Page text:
• Dr Chris Moore

Supporting Unclear Speech in the Classroom

Every child’s speech develops at a different pace. Some may be understood by people outside the family relatively quickly during their early years. Others may produce less clear speech for a longer period of time. The frequency and consistency of their sound productions can be variable. There are many possible factors which can influence speech clarity. These include glue ear, cleft lip and palate and more significant developmental delay. In a preschool or early years classroom setting, we may see children who:

- Find it difficult to articulate a range of speech sounds.

- Produce words or phrases which are unintelligible outside of a defined context.

- Show frustration when others do not understand what they are saying.

- Rely on gesture to indicate their needs.

- Become reluctant to communicate verbally.

If you have a concern about a child’s speech, you should seek a referral to a Speech and Language Therapist. While it may be easy for people to use terms such as “delayed” or “disordered”, only a Speech and Language Therapy assessment can determine whether the child’s sound substitutions are common or unusual. Similarly, only a Speech and Language Therapist can provide guidance on which sounds to practise and how to do so at home and in school.

The following are just some simple strategies and ideas to keep in mind as you try to make the classroom communication-friendly for children with unclear speech.

Promote a calm atmosphere

Some children may be very aware that their speech is not easily understood and we need to actively minimise the pressure they may feel. Instead of asking lots of questions which puts the onus on the child to speak, we can engage with them by commenting on their play and being really animated about what they are doing. We can let them volunteer an answer to a question in a group activity, rather than suddenly directing a question to them with little warning. They may need to have extra time to practise what to say in a discussion, by talking with a friend or a member of staff first, before they are expected to give their answer in front of the class.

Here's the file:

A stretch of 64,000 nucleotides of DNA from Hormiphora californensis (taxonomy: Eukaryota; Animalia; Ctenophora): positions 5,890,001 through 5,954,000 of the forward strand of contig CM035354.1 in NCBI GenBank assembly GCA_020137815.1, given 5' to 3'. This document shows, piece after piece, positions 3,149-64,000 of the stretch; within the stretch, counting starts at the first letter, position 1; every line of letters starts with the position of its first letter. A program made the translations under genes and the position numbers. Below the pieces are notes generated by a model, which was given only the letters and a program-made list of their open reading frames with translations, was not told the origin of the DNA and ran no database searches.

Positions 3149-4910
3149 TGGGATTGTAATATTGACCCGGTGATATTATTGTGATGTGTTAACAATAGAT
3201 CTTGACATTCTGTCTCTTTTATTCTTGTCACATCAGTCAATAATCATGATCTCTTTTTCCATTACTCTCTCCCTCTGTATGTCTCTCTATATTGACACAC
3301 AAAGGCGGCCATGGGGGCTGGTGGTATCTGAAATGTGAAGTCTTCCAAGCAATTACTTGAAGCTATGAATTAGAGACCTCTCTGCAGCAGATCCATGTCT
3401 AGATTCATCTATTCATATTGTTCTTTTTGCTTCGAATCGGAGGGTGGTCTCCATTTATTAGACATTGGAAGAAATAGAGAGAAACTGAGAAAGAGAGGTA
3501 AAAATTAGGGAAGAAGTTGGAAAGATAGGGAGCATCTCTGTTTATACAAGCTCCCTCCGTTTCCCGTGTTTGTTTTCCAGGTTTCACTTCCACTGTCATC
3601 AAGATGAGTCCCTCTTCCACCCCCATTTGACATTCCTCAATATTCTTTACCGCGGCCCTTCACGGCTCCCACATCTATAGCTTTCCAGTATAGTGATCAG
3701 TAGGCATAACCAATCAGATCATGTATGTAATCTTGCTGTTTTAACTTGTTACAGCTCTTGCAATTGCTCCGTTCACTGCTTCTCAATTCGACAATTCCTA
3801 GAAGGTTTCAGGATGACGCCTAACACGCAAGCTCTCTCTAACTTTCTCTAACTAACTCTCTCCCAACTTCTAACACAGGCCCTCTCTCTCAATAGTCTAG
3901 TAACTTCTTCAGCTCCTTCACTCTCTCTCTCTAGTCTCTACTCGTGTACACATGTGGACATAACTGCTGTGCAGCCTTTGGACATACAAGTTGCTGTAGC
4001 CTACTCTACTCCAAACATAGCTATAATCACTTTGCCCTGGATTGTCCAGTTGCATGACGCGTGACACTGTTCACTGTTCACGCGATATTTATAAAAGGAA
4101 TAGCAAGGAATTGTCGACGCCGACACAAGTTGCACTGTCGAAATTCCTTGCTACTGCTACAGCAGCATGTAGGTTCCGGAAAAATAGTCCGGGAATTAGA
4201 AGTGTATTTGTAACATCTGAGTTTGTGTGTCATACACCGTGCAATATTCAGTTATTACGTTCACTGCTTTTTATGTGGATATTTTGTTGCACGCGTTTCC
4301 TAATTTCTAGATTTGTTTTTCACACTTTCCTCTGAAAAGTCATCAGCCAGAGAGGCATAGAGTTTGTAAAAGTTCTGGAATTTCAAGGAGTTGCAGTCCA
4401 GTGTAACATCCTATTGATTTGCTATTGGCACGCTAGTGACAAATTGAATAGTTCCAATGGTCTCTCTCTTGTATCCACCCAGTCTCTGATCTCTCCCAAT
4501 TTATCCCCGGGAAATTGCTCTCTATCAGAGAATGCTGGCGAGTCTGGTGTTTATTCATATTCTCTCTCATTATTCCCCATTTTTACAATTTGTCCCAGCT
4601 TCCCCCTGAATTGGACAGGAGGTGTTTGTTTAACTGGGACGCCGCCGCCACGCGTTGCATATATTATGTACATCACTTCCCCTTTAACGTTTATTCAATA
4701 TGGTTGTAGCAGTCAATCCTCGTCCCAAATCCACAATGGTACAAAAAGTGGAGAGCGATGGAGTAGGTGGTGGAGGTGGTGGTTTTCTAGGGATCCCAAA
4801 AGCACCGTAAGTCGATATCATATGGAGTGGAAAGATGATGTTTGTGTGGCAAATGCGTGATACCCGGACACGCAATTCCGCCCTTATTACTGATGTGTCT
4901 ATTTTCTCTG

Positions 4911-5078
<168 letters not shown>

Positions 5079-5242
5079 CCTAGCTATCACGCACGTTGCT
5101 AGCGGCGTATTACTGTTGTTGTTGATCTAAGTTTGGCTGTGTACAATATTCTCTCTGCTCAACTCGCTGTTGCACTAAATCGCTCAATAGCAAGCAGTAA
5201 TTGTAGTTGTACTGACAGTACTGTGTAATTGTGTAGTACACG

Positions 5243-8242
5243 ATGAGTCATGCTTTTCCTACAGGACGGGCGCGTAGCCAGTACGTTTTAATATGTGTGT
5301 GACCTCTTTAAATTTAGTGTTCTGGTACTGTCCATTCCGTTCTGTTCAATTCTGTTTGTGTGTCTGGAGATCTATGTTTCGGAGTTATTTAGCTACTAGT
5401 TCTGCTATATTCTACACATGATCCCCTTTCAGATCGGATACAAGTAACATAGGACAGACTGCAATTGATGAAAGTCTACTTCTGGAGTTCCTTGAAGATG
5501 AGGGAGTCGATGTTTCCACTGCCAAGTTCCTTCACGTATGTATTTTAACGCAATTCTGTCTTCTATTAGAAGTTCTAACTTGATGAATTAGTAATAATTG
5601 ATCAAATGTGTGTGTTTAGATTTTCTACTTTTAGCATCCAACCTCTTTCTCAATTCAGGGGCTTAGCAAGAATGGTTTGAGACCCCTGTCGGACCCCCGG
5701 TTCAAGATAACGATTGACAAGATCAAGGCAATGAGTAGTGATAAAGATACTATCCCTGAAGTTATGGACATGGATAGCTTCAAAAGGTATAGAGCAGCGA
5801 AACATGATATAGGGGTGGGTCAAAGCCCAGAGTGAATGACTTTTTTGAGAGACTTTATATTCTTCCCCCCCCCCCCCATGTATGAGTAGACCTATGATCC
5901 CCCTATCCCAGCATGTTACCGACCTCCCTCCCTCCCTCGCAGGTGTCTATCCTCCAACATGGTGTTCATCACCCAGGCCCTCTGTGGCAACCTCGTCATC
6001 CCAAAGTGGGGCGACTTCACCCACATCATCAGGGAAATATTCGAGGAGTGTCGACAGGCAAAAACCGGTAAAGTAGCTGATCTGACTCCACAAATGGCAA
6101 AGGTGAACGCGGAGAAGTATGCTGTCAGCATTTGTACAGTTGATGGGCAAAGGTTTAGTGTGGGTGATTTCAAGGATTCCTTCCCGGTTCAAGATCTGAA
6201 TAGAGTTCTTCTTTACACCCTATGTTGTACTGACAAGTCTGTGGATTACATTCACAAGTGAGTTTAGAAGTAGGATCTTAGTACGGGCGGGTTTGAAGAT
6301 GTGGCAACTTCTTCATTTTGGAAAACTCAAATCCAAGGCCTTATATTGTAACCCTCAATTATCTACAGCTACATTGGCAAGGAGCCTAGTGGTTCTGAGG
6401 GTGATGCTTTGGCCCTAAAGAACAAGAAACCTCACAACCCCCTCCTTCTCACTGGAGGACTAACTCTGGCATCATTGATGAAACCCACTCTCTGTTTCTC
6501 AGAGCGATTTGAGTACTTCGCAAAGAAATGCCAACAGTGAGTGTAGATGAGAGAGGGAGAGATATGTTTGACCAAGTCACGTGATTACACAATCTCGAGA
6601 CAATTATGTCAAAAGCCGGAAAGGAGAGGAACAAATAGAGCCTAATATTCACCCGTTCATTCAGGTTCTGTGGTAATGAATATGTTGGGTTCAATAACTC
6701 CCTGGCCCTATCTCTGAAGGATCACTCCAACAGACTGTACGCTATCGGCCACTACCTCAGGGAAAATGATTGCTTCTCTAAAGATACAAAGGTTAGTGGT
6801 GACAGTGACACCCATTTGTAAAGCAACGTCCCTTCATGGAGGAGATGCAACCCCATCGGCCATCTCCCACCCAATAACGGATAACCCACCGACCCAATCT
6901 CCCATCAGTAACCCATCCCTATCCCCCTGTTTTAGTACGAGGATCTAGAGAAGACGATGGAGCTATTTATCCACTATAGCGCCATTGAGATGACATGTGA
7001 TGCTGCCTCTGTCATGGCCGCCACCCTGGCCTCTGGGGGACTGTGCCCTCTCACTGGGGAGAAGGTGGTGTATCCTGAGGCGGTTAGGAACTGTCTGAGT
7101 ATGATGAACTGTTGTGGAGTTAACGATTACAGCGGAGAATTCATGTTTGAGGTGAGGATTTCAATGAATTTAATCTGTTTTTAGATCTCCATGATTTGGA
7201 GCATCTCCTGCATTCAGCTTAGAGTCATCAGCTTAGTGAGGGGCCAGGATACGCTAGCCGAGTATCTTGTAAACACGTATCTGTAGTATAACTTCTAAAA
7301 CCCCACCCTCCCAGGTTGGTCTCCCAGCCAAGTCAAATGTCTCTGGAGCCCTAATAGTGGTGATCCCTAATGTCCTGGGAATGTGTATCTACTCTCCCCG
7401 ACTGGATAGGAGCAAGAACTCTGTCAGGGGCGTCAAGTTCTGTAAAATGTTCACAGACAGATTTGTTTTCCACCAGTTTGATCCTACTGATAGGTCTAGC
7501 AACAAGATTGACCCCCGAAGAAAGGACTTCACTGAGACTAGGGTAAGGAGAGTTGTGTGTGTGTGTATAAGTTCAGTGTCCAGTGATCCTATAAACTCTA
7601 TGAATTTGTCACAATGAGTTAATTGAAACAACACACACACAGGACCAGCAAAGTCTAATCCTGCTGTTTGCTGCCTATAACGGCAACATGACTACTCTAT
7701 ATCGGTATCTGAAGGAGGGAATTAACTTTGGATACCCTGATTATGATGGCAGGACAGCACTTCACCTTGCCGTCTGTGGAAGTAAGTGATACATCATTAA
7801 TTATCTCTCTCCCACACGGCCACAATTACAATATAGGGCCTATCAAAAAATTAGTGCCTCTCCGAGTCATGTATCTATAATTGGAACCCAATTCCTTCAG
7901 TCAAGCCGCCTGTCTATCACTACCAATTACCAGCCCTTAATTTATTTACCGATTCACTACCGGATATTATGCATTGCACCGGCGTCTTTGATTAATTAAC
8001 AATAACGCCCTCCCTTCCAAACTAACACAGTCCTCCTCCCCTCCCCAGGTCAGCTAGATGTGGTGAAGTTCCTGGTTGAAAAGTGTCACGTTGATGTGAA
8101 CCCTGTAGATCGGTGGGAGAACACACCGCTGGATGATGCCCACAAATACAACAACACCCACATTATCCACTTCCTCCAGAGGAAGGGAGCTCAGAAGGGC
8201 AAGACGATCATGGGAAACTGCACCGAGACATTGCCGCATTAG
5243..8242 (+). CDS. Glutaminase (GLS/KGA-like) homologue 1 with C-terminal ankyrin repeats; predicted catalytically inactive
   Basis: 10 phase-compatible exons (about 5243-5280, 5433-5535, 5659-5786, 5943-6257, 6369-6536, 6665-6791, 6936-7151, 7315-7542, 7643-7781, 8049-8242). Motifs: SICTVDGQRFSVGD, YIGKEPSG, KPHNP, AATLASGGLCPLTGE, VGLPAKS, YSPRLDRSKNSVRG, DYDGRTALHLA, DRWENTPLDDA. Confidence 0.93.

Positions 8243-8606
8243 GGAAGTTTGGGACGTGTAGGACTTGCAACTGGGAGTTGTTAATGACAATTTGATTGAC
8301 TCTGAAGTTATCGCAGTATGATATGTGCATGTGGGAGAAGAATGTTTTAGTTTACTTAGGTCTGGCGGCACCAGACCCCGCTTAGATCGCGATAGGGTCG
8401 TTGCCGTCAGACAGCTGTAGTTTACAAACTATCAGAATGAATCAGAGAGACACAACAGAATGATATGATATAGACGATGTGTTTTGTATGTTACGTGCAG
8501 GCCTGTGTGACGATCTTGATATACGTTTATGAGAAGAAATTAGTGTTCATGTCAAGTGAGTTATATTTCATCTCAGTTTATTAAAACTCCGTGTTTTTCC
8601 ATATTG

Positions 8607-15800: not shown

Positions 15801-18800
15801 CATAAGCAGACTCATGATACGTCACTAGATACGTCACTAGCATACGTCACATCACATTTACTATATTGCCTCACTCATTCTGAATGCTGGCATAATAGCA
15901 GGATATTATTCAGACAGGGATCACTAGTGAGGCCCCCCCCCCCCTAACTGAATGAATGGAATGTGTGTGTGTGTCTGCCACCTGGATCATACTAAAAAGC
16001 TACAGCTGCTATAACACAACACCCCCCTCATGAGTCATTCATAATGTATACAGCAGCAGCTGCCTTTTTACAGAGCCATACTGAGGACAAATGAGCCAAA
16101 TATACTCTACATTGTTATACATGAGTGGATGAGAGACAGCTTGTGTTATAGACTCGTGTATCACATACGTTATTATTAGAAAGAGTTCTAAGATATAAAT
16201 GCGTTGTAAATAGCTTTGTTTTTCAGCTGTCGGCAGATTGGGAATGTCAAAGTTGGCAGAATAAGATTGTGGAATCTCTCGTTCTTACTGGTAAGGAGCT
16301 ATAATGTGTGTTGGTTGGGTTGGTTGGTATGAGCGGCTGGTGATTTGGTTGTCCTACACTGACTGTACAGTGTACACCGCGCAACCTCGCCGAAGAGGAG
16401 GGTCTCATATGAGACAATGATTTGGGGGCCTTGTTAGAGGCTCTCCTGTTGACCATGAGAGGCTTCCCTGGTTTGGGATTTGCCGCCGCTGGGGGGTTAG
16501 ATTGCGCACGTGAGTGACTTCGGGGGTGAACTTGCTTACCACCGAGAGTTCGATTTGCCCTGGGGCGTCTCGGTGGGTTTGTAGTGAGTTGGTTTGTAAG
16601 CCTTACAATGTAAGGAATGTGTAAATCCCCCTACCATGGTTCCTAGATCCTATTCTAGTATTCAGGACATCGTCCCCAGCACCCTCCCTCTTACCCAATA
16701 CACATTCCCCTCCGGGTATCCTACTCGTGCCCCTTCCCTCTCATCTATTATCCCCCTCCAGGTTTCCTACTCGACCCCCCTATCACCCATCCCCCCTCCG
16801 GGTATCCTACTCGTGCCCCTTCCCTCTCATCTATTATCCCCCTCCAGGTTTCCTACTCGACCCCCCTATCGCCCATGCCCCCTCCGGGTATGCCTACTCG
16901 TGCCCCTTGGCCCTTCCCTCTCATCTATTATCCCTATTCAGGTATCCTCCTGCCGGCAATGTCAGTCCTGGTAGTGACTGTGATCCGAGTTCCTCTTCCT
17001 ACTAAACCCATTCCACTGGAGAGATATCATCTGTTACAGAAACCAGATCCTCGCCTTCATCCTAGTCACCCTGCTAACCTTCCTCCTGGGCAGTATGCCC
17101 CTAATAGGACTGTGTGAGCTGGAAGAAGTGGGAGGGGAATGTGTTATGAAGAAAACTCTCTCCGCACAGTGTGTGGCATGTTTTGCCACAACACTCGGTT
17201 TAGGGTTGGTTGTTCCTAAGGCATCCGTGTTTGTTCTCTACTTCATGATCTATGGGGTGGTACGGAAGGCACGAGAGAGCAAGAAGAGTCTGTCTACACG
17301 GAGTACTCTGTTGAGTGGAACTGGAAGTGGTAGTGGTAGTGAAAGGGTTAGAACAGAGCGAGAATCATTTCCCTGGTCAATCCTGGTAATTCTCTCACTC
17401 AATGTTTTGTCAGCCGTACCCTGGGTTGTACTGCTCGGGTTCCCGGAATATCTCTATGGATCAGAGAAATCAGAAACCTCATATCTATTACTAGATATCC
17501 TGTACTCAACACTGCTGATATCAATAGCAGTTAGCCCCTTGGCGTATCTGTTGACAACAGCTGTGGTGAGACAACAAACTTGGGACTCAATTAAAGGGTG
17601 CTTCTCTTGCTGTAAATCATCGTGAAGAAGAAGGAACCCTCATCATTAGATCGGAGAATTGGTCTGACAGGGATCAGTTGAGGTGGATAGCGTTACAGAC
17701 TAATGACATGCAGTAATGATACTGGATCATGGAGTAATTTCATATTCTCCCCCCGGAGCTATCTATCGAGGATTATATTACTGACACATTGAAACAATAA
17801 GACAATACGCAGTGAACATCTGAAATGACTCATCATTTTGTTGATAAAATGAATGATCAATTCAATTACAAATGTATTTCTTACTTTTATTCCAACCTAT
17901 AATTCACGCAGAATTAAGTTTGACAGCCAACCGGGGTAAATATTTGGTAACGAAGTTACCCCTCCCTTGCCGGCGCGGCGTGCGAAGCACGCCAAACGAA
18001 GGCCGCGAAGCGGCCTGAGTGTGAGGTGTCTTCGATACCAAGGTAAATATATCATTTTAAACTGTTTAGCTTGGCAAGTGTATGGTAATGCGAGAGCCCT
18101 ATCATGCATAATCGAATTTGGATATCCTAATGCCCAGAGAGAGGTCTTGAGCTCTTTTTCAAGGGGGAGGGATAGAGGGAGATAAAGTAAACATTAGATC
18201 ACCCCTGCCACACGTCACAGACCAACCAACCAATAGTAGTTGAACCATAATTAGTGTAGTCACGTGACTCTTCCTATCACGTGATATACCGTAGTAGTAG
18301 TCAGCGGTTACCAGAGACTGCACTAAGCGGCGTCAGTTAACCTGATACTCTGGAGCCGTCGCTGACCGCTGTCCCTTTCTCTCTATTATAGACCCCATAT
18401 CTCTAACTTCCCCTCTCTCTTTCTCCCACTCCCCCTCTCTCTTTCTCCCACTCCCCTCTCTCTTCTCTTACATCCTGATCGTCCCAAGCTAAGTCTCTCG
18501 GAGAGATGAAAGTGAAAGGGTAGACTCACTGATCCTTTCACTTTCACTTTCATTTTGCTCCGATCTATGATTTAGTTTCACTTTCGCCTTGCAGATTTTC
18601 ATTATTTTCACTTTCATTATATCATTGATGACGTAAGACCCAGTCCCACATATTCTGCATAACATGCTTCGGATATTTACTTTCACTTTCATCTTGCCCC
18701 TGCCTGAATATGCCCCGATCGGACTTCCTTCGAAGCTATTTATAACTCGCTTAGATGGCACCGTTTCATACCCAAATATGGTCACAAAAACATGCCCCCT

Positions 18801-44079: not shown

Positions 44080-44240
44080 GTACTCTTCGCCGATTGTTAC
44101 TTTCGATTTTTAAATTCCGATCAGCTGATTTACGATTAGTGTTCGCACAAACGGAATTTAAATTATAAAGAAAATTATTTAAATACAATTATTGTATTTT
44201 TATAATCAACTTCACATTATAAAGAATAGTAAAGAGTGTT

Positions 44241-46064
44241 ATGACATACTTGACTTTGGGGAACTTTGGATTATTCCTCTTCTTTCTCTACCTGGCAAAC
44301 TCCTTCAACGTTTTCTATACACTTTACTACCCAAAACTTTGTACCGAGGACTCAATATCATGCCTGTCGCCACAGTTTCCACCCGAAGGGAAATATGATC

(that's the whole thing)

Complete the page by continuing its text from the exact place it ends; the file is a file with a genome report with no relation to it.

Be accepting and honest

We all have moments where we say the wrong thing, use the wrong word or find it difficult to make ourselves understood. Drawing attention to and making light of our own mistakes and times when we need to repeat ourselves can help to convey that miscommunication is normal. You can model this with a fellow member of staff, where one initially has difficulty understanding what the other said. You can also give a silly response in a group activity, so that the children get to see you say “Oops, I’ll try again!” This can take the emotion out of occasions where the child with unclear speech has to say something more than once. It’s important to be up front about times when we don’t know what the child is saying. We can do this in a fun way by saying “Oh dear it’s very noisy in here” or “I need to switch my ears on. Can you tell me again?”. Repeating back what we do understand will be important in showing the child that we are listening intently.

Use alternative methods of communication